Lies I have told strangers on the Internet

As I have mentioned several times, I recently moved. But before moving, there was the small matter of finding a new place to live — which, on my budget, meant finding new people with whom to live.

They look delightful. This could work.

They look delightful. This could work.

My primary resource was Craigslist, where the ads ranged from the unhelpfully vague (“Room available, call xxx-xxxx”) to the weirdly specific (“Looking for paleo Aries to help raise pygmy goats, troubleshoot Ruby on Rails, and occasionally cuddle”). Once in a while, though, I would come across a post that seemed promising, and fire off an email introducing myself.

(Fun fact: I got more responses when I didn’t mention my field of study.)

In these interactions, there’s bound to be a little harmless truth-omitting. The person advertising the apartment will play up the patio and private bathroom, but they probably won’t highlight the partying neighbours. They’ll warn you about their four dogs, but they might not mention their 4 a.m. shift at work. And really, why should they? That’s the kind of information that is best revealed once you’ve moved past the “casual Internet stranger asking if the room is still available” stage and into the “we might actually be living together; let’s make sure we both know what we’re getting into” stage.

"Oh, that's what you meant by 'unfinished'."

“So that’s what you meant by ‘unfurnished’.”

And of course, in my email introductions, I coloured a few truths myself. Below are some of my oft-repeated lines, along with what might have been closer to the truth.

  • “I’m pretty chill.”
    • Translation: “I have a ton of pet peeves, but I feel it’s polite to inform you of only two. The others will become clear through a series of passive-aggressive sticky notes utilizing my yearly quota of smiley faces.”
  • “I love cats. Yours look really cute!”
    • Translation: “I’m a fan of cats in theory, but I feel that actually living with some might cure me of that. To be fair, though, they probably feel the same way about humans.”
  • “I like dogs — yours looks super friendly.”
    • Translation: “I am willing to interview canine applicants for the position of running buddy. I draw the line at food-stealing, shoe-gnawing, muddy paw prints, messy front yards, hair-shedding, the smell of wet fur, and generally everything that makes a dog a dog.”


  • “I’m a pretty clean person …”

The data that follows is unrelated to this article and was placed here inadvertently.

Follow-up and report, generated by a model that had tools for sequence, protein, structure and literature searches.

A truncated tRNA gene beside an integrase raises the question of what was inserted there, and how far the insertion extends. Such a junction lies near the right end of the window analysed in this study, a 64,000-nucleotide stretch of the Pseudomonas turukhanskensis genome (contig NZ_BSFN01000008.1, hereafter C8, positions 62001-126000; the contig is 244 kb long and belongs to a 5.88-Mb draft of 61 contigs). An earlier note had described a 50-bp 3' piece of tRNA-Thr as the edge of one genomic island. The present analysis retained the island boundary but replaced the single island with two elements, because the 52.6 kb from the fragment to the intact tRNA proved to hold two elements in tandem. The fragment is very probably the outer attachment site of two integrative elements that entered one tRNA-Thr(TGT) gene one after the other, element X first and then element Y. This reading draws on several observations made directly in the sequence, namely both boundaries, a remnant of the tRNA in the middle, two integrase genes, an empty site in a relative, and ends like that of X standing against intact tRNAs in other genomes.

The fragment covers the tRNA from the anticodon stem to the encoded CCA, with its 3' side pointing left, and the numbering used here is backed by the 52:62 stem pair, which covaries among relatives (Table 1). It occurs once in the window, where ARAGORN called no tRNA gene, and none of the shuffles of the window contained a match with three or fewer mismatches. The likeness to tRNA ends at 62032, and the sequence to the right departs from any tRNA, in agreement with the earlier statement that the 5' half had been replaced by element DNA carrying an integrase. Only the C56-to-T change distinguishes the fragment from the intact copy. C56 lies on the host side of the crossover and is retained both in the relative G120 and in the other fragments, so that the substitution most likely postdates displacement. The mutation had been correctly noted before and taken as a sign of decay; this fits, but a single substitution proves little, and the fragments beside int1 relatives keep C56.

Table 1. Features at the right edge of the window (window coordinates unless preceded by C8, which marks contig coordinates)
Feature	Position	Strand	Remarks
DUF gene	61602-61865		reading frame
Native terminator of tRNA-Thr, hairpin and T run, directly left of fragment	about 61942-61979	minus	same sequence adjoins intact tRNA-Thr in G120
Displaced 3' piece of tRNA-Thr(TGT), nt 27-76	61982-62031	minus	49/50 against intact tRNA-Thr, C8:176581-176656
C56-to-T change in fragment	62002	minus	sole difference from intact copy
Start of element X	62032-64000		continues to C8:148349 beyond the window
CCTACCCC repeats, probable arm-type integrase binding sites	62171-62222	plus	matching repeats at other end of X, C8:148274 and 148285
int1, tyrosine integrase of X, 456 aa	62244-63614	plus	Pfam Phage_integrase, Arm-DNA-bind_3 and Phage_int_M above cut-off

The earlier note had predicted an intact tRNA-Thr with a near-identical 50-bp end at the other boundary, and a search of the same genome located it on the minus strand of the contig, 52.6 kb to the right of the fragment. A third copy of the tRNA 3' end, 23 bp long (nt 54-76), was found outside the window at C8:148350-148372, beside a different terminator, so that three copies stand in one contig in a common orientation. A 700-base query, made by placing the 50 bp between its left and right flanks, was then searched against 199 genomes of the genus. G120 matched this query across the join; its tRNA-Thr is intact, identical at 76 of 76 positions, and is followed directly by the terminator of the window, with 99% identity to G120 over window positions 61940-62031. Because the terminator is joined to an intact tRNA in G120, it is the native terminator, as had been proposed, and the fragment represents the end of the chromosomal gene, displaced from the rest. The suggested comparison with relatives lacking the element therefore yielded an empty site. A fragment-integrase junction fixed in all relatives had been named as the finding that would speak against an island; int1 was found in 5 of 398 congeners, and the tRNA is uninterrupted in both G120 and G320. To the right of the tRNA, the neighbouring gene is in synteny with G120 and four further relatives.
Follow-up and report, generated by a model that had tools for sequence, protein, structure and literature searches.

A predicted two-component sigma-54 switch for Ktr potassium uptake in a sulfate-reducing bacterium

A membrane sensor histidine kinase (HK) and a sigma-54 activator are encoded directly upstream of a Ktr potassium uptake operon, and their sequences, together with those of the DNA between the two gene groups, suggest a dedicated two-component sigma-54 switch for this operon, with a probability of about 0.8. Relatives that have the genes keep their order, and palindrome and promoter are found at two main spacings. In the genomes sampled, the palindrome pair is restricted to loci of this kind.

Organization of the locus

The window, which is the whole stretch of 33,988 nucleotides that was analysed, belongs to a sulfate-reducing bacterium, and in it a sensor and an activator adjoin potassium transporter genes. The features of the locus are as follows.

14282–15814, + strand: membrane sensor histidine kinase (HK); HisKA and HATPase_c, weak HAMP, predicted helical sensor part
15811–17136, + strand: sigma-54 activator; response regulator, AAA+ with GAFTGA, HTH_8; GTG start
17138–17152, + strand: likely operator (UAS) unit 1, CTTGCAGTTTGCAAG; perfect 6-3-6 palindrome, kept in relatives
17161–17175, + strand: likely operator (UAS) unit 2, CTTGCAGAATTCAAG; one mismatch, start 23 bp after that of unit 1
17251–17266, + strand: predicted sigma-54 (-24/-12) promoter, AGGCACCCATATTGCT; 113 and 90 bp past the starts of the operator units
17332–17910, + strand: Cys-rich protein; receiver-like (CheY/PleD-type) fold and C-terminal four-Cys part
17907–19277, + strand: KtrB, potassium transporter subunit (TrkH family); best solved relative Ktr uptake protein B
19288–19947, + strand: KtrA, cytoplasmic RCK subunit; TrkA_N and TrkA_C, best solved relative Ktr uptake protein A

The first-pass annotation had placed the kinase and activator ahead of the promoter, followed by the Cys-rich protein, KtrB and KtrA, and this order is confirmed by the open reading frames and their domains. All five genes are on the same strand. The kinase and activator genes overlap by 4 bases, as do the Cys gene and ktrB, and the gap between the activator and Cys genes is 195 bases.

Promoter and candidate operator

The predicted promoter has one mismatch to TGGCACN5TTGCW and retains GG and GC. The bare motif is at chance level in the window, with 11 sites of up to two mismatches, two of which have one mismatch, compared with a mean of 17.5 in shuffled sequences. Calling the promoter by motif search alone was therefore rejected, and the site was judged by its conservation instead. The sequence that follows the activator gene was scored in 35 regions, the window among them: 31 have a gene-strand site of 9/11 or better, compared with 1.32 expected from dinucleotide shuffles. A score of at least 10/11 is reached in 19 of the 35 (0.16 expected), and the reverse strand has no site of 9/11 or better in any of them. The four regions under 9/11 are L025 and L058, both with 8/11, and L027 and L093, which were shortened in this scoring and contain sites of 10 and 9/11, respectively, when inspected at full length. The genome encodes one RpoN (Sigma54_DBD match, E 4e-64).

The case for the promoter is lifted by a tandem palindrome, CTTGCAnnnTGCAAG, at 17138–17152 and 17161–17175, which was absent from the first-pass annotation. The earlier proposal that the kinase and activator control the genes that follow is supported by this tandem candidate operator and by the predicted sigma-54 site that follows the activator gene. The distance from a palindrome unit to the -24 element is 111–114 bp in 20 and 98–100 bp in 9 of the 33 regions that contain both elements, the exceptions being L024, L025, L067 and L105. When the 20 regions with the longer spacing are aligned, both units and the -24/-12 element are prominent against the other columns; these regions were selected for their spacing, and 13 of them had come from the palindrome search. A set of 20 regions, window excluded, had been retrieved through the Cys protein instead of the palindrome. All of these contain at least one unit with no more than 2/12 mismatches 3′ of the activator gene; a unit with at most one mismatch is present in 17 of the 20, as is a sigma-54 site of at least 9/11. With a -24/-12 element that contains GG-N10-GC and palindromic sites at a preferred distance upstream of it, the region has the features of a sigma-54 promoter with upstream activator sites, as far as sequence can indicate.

• Translation: “I once proposed a strict three-sponge system in the kitchen, in which sponges were designated for use on dishes, counters and appliances, and the floor by a Roman numeral inscribed in Sharpie, starting with ‘I’ for the dishes, which could then be easily changed to ‘II’ and then ‘III’ as the sponge got rattier and was better suited to less hygienic tasks.”
  • “… but I do sometimes have a tendency to leave my books and things around the house.”
    • Translation: “I have turned the corner of the living room into my personal office, complete with a post-modernist collage of bobby pins, old receipts, Latin homework, Nyquil, and Ikea mailers.”
"CLEAN? I do not CLEAN."

“Throw away WHAT?”

  • “As you requested in your ad, I am a Christian, but you should probably know that I’m pretty liberal politically.”
  • “I’m a bit of an introvert.”
    • Translation: “During the weekends of one summer in college, I sometimes scheduled time to step onto the porch for a few seconds. That way, when my sister asked me, ‘Did you leave the house today?’, I could truthfully reply that I had.”

Fortunately, all truth-omitting aside, I wound up finding what seems to be a great situation for all parties. My new roommate brings home a lot of organic produce to share; I’m happy to share my baked goods in return; and the resident cats and I get along famously.

Of course, I haven’t started singing in the shower yet, so that balance of happiness could change. I’ll keep you posted.


Photo credits: VW bus from PublicDomainPictures, tunnel from hattex, dog from Mehihe, and possum from royguisinger on Pixabay.


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